Yom Kippur plays a central theme in Agnon’s writing, as does the harsh reality of the physical destruction of Eastern European Jewry. In his story At the Outset of the Day these two themes come together, as the narrator and his daughter (whose home has just been destroyed) come to the synagogue on the eve of Yom Kippur. As the father tells his little daughter that they will soon bring her a “little prayer book full of letters,” he asks his daughter “And now, dearest daughter, tell me, an alef and a bet that come together with a kametz beneath the alef – how do you say them?” “Av,” answered the daughter.

The word “Av” means “father,” but it is also the name of the darkest month on the Hebrew calendar. By asking the daughter to spell “Av,” Agnon is alluding to the fact that this particular Yom Kippur (a fast day) closely resembles the gloom and darkness of Tisha B’Av (also a fast day). The theological irony is that the narrator goes on to tell his daughter “And now my daughter, what father (Av) is greater than all other fathers? Our Father in heaven.” In his typically sarcastic fashion, Agnon employs a linguistic double entendre linking the Av in heaven (God) to the mood of the month of Av (the destruction of the father and daughter’s home) on this Yom Kippur.

In one of his most controversial short stories, K’neged Otam Shekov’im Yeshivot Shel Ts’chok V’Kalut Rosh (Against Those Who Establish Gatherings of Laughter and Frivolity), Agnon tells of a woman who sits at home alone knitting on the Sabbath instead of gossiping with her neighbors. Moses happens to pass by her house and notices that God’s spirit hovers over the house (something only Moses can recognize). Moses is shocked to find that the woman is actually “working” on the Sabbath, violating one of the 39 prohibited Sabbath labors. He instructs her to sit with her neighbors so that she would not violate the Sabbath, yet the following week, when he once again passed by her house, he notices that God’s spirit no longer hovered above the house. Moses understood that her original practice was better, and he instructs her to return to it. Agnon boldly challenges the notion of “violating the Sabbath,” and through the character of Moses – God’s Lawgiver – Agnon suggests that gossip is more of a legal violation of the Sabbath than are any of the 39 prohibited labors (knitting included!). This is a direct challenge to the conventional notions of religious tradition and authority, using the very figure of religious authority (Moses) to challenge the tradition from within.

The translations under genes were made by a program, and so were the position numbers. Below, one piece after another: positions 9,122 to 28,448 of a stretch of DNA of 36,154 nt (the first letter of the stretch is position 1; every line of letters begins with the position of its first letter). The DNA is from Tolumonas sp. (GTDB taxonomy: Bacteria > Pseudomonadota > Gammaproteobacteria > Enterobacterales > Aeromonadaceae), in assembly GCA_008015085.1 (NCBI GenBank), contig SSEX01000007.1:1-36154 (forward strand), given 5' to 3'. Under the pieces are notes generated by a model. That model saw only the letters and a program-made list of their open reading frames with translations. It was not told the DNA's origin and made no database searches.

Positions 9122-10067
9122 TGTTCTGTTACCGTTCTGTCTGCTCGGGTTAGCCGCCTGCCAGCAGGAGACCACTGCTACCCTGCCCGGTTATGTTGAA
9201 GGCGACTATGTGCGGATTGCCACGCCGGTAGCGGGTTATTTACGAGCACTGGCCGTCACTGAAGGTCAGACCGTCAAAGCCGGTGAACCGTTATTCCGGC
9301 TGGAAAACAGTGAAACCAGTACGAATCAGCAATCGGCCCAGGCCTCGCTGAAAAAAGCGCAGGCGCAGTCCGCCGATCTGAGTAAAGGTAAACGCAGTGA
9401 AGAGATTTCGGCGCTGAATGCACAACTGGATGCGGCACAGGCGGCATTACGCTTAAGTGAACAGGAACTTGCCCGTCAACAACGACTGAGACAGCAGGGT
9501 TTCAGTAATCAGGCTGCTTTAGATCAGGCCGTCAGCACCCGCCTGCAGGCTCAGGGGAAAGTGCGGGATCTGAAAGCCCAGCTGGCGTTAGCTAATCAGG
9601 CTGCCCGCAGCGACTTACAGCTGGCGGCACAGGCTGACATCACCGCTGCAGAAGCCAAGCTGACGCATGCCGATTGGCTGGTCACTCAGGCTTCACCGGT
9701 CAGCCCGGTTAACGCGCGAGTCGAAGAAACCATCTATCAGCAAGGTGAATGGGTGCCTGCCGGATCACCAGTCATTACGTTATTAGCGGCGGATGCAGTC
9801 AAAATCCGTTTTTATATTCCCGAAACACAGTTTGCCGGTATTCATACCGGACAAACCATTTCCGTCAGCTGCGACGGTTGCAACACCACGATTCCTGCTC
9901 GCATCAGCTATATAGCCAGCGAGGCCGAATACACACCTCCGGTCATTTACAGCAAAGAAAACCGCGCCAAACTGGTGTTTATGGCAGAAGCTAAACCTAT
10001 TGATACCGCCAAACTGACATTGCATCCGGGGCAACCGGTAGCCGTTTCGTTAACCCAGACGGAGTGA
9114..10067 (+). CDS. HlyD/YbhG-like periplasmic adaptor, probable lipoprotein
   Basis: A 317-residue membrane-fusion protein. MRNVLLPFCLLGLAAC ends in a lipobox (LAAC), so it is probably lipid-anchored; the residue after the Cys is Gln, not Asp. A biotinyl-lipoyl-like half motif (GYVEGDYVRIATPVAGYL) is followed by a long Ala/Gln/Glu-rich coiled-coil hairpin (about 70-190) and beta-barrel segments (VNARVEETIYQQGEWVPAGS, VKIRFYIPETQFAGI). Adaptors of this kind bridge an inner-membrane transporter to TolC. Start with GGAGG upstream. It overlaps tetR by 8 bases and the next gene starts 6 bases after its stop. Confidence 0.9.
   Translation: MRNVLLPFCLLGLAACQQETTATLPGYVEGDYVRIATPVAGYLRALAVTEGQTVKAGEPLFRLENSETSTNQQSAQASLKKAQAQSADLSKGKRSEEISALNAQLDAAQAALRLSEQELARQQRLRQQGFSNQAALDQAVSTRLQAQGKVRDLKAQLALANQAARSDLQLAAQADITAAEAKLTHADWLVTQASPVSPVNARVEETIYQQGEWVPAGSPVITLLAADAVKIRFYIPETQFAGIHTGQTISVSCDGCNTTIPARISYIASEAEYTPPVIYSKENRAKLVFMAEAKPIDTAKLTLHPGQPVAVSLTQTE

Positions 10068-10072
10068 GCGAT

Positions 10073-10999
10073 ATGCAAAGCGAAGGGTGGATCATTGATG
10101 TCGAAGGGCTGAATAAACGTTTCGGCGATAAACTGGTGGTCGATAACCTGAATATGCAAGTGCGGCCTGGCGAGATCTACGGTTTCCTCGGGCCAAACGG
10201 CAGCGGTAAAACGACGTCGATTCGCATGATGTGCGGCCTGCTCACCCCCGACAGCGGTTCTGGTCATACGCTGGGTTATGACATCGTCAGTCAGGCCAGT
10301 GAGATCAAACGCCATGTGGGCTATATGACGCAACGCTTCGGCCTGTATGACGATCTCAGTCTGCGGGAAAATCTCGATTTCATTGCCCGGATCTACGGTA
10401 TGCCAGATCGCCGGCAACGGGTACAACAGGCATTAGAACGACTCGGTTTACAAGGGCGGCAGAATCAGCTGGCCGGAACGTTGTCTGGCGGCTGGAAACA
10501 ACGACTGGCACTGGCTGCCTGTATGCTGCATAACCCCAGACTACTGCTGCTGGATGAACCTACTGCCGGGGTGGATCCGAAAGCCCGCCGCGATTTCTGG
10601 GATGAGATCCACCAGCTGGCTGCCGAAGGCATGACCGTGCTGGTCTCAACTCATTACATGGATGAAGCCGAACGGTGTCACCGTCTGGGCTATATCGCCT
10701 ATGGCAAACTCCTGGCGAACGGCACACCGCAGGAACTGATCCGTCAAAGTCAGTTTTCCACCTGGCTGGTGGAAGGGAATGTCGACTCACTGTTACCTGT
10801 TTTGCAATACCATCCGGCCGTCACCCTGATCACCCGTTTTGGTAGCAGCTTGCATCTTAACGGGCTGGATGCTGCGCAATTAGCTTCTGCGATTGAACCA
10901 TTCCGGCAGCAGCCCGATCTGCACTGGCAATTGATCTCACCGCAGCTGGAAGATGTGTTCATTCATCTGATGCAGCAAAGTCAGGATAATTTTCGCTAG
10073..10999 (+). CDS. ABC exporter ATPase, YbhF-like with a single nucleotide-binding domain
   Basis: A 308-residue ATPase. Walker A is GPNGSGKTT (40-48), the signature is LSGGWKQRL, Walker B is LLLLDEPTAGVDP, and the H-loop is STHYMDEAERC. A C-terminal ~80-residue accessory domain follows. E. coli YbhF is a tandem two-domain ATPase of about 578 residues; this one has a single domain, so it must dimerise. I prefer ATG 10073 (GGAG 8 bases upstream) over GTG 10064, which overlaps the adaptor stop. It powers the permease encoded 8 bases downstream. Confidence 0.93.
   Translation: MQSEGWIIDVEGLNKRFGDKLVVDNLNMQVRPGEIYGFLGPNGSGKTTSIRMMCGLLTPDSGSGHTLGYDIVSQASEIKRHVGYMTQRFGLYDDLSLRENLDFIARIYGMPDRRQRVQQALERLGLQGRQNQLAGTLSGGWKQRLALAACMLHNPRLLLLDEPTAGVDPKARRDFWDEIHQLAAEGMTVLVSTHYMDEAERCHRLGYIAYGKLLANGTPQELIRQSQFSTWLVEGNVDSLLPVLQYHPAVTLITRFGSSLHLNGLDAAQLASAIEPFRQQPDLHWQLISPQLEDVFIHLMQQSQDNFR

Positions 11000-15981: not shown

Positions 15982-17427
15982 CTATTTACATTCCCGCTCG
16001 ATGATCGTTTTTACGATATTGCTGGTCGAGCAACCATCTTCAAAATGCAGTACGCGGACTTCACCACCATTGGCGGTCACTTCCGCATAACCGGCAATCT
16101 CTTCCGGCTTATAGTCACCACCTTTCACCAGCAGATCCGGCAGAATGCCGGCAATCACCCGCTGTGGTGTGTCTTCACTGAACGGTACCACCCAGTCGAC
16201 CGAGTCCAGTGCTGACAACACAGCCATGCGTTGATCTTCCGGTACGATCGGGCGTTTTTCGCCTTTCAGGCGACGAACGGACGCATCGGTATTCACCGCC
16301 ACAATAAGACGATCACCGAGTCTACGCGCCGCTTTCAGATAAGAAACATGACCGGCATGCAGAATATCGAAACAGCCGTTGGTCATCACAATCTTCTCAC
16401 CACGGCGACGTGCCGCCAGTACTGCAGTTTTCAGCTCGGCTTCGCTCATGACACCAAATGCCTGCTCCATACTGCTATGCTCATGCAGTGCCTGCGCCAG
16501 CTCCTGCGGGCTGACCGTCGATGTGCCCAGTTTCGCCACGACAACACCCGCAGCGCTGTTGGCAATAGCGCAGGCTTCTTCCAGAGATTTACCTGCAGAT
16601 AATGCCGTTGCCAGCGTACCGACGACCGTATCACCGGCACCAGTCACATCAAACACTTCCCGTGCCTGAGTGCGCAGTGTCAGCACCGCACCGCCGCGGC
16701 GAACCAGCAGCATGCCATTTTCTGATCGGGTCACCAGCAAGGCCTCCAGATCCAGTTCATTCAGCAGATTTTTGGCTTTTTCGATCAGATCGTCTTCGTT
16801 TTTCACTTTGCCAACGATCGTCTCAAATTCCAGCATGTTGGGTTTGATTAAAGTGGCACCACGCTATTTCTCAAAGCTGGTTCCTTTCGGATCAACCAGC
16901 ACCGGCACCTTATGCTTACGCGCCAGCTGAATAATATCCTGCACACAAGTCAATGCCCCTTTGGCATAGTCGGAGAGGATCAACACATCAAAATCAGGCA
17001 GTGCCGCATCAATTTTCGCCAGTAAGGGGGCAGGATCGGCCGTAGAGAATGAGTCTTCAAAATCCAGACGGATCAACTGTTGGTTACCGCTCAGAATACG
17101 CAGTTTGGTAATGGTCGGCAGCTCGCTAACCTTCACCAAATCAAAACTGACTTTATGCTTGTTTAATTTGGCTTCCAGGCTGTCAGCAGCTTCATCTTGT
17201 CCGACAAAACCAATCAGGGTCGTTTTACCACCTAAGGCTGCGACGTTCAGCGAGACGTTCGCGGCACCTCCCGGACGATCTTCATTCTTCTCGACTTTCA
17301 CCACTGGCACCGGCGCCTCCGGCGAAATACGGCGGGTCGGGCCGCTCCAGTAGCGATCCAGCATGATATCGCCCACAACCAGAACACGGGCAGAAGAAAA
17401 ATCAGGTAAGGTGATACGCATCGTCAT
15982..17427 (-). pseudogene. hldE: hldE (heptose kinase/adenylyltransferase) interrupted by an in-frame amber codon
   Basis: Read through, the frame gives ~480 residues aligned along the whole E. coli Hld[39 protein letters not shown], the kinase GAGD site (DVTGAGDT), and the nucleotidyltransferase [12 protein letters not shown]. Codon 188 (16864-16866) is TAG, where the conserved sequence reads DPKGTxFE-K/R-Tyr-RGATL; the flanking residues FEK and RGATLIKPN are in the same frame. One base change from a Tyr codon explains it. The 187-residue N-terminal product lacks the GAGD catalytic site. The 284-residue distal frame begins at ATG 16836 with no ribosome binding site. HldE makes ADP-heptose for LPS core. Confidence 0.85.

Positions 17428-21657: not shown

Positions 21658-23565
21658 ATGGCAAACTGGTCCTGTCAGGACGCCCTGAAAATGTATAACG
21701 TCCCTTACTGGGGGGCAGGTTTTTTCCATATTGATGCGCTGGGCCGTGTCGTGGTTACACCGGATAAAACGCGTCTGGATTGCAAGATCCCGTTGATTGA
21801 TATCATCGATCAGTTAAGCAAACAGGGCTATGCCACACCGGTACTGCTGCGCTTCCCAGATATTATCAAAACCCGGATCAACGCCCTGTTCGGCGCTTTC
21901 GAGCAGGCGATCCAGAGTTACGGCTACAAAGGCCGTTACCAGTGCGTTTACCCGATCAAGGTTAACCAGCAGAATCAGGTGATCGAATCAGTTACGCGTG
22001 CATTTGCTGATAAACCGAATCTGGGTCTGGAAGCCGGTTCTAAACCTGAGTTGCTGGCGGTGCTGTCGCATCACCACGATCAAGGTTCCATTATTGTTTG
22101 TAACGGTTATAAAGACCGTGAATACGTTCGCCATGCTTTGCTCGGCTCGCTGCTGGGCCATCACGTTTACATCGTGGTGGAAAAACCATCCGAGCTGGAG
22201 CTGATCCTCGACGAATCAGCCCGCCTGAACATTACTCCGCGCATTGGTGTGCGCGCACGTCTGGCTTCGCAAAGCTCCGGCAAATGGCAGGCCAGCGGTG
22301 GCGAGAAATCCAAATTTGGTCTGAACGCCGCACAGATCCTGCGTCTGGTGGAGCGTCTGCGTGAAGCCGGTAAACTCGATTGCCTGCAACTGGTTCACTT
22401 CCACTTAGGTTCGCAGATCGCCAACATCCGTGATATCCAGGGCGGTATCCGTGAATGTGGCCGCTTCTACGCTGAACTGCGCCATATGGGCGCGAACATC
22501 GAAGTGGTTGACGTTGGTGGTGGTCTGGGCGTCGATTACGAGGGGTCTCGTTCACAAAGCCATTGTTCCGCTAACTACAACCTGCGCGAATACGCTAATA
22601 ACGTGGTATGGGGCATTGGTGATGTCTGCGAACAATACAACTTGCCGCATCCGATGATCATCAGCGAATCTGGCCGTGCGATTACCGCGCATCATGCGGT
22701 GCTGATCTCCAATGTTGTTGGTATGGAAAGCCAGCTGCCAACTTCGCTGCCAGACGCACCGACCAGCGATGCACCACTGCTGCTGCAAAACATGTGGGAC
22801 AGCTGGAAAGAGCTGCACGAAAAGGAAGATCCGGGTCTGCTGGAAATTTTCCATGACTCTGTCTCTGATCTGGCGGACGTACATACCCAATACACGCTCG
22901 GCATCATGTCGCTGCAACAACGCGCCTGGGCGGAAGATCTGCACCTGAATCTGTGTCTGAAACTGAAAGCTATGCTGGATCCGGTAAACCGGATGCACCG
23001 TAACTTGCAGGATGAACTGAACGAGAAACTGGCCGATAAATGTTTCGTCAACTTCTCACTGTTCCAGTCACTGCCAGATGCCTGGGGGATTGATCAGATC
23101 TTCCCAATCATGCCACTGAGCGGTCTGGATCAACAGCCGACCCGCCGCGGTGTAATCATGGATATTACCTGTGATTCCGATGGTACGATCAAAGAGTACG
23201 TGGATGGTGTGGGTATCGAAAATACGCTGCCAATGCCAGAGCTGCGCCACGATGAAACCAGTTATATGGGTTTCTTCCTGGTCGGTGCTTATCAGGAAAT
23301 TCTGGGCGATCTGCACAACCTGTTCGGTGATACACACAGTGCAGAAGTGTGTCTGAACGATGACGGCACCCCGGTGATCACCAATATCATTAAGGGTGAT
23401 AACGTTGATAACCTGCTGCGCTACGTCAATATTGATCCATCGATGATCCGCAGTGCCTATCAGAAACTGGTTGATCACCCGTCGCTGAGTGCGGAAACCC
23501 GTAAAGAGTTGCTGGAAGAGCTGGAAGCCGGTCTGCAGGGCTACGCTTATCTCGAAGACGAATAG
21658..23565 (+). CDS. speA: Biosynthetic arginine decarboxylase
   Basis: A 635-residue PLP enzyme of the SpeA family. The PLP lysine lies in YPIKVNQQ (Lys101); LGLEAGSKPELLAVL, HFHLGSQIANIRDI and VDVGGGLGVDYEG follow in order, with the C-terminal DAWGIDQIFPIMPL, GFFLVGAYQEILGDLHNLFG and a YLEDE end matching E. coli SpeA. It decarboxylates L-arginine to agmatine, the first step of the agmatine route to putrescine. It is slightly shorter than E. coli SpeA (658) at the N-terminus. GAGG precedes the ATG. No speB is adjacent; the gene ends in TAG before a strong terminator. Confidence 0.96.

Is God actively involved in the affairs of the world? Particularly, is God actively monitoring the lives of His “Chosen People”? Agnon handled this question throughout his literature, often with subtle ironic hints that smack of sarcasm and cynicism.

In the story Ha-hadlakah (The Kindling), Agnon tells the story of the great pilgrimage and kindling of bonfires on the grave of Rabbi Shimon Bar Yohai on Lag Ba’Omer (the 33rd Day of the Omer Period). The Omer period is traditionally associated with collective rites of mourning (no shaving, no weddings or celebrations) due to the tragedies to have befallen the Jewish people during this time period (plagues, pogroms, massacres). Agnon frames the turning point of the story – when the situation starts to improve -- in sarcastic theological terms: “With the passage of time, the Holy One Blessed Be He returned His head into the place from where it was removed, and He saw what had happened in
His world.”